Housecleaner fills a jar with change, employer takes it away. What's the name of this short story?
July 14, 2007 10:16 AM   Subscribe

Help me remember the name of this short story (or novel that includes this story): A housecleaner's employer tells her she can keep all the change she finds when she cleans his office. She ends up with a jar of change containing more than one hundred dollars, and the employer reneges his offer. Thanks!

It's by a contemporary female author- Alice Munro, Amy Hempel, Ellen Gilchrist, or someone similar. I heard it read on the radio- I think on This American Life, but I'm not finding it in my searches.

In the story, the housecleaner watches the employer take the change and roll it all up, only to take it to the bank and be told they don't take rolled change (or they reject him for some reason). She knows he'll never bother to do what is required to cash in the change, that the money will be wasted. In the end she gives a moving talk to her kid (or some kid) explaining how they are so much better off than the employer.

I may have some of the details wrong, and of course it is written infinitely better than I am explaining here.

Thanks!
posted by jiiota to Writing & Language (6 answers total) 3 users marked this as a favorite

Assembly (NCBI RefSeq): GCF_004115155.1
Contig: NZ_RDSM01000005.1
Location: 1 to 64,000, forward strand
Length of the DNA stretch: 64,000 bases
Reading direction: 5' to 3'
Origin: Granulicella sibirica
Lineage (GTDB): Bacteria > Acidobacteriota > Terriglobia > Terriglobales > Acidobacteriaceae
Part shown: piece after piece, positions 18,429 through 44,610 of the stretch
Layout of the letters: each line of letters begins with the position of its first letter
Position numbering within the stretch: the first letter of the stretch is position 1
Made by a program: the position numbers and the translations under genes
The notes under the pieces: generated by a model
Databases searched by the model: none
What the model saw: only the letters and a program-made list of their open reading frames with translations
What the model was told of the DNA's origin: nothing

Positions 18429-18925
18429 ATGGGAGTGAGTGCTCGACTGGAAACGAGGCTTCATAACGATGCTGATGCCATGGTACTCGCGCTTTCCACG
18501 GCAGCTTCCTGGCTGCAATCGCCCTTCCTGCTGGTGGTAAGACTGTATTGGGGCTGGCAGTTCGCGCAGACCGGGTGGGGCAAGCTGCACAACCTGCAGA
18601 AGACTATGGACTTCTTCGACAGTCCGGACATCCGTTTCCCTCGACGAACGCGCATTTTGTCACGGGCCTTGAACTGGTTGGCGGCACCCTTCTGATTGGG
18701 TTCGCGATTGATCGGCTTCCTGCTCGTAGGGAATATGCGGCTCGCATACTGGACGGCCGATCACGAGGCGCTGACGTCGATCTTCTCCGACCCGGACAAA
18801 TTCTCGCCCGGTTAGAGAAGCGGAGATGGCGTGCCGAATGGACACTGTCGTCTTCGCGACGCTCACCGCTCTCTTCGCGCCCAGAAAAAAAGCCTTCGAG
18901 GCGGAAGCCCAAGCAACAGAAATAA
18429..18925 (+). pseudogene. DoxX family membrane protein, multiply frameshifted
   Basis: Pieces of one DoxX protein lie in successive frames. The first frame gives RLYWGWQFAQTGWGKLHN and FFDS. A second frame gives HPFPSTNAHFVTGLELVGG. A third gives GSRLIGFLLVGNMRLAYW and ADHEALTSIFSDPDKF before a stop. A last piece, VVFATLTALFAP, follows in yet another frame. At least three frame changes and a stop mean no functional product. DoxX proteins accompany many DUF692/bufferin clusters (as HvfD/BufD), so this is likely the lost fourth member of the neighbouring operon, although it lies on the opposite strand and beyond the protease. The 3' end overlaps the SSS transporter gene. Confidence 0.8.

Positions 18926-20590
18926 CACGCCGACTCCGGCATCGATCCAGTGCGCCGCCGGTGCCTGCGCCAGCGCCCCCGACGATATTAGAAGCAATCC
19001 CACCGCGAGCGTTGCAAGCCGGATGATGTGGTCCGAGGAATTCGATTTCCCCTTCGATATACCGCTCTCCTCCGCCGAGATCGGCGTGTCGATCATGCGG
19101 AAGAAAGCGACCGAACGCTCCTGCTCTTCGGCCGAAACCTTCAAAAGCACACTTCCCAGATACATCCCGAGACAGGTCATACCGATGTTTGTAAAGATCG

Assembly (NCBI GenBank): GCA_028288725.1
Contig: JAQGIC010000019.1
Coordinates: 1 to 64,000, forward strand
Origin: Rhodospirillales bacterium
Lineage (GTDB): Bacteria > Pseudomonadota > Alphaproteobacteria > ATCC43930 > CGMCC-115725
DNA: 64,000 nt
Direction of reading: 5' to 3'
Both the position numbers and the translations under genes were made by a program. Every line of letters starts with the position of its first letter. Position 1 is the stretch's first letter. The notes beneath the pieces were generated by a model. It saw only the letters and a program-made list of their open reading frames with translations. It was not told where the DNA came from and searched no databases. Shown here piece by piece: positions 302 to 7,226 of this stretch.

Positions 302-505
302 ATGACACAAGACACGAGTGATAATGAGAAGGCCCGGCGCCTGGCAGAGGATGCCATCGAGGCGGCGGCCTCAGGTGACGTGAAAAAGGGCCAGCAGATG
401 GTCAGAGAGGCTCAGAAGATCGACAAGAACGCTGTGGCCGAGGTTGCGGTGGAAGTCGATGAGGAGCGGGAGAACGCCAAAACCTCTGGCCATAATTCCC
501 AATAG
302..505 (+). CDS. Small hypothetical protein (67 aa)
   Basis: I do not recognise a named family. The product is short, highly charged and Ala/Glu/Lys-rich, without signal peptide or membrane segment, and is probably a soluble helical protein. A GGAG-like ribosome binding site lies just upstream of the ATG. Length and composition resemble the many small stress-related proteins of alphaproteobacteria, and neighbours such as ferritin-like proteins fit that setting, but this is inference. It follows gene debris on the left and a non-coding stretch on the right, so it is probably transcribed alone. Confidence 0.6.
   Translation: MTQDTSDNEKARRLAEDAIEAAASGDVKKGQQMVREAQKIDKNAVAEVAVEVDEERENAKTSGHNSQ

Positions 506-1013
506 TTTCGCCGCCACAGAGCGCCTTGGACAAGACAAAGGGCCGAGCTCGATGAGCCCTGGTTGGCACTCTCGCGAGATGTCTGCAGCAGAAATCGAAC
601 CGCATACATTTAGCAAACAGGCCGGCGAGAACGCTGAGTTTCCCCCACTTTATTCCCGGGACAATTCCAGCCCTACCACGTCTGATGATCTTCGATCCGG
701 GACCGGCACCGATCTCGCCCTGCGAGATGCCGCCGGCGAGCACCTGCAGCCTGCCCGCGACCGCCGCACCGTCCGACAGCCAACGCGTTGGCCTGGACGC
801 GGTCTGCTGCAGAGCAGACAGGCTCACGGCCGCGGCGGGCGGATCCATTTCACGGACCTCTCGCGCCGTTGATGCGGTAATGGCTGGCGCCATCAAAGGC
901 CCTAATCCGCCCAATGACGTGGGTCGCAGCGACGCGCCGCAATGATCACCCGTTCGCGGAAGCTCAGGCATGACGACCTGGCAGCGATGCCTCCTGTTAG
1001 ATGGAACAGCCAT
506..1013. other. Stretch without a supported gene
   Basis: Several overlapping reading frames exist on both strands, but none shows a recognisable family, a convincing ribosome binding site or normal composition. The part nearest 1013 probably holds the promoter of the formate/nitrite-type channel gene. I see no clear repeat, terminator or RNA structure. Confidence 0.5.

It's by Mona Simpson. I think the story is called "Dependents."
posted by 4Lnqvv at 11:28 AM on July 14, 2007


This storyline appears in the movie "Spanglish" with Adam Sandler.
posted by santojulieta at 12:12 PM on July 14, 2007


4Lnqvv, you rock! Thanks!

Based on your information I was able to find this reading. If you have twenty minutes and you're into short fiction, it's worth it. (I link 30 seconds in to skip the headache-inducing introduction.)

Julieta, I thought of that too as I was watching the video just now. In Spanglish, Adam Sandler offers something like $1 for each of a certain kind of stone that the kids can find on the beach- he wants to use the stones in a countertop or something. The rest of the kids- his own kids- find something like three stones each and then run off to find something more amusing to do. But the housekeeper's daughter takes the whole thing very seriously and returns with an entire bucket of stones. He actually pays up- several hundred dollars. This sparks an argument with the girls mother just as he's about to bite into the world's greatest sandwich. The storyline is similar enough that I can't help wondering if James Brooks borrowed it from Mona Simpson.
posted by jiiota at 12:38 PM on July 14, 2007


Thanks for linking to that reading, jiota. I really enjoyed it.
posted by hot soup girl at 2:29 PM on July 14, 2007


I can't help wondering if James Brooks borrowed it from Mona Simpson.

Wouldn't surprise me if he did. Her husband used to write/produce on one of Brooks' little side projects.
posted by nakedcodemonkey at 4:24 PM on July 14, 2007


My pleasure, hot soup girl- I was grateful to have found it too.

Nakedcodemonkey: regarding the small world that we live in- wow, I had no idea. And it's funny- while I was googling this story all I was coming up with were various pages about the Simpsons (Homer, et al.) and I thought I was so far off the mark.
posted by jiiota at 5:29 PM on July 14, 2007


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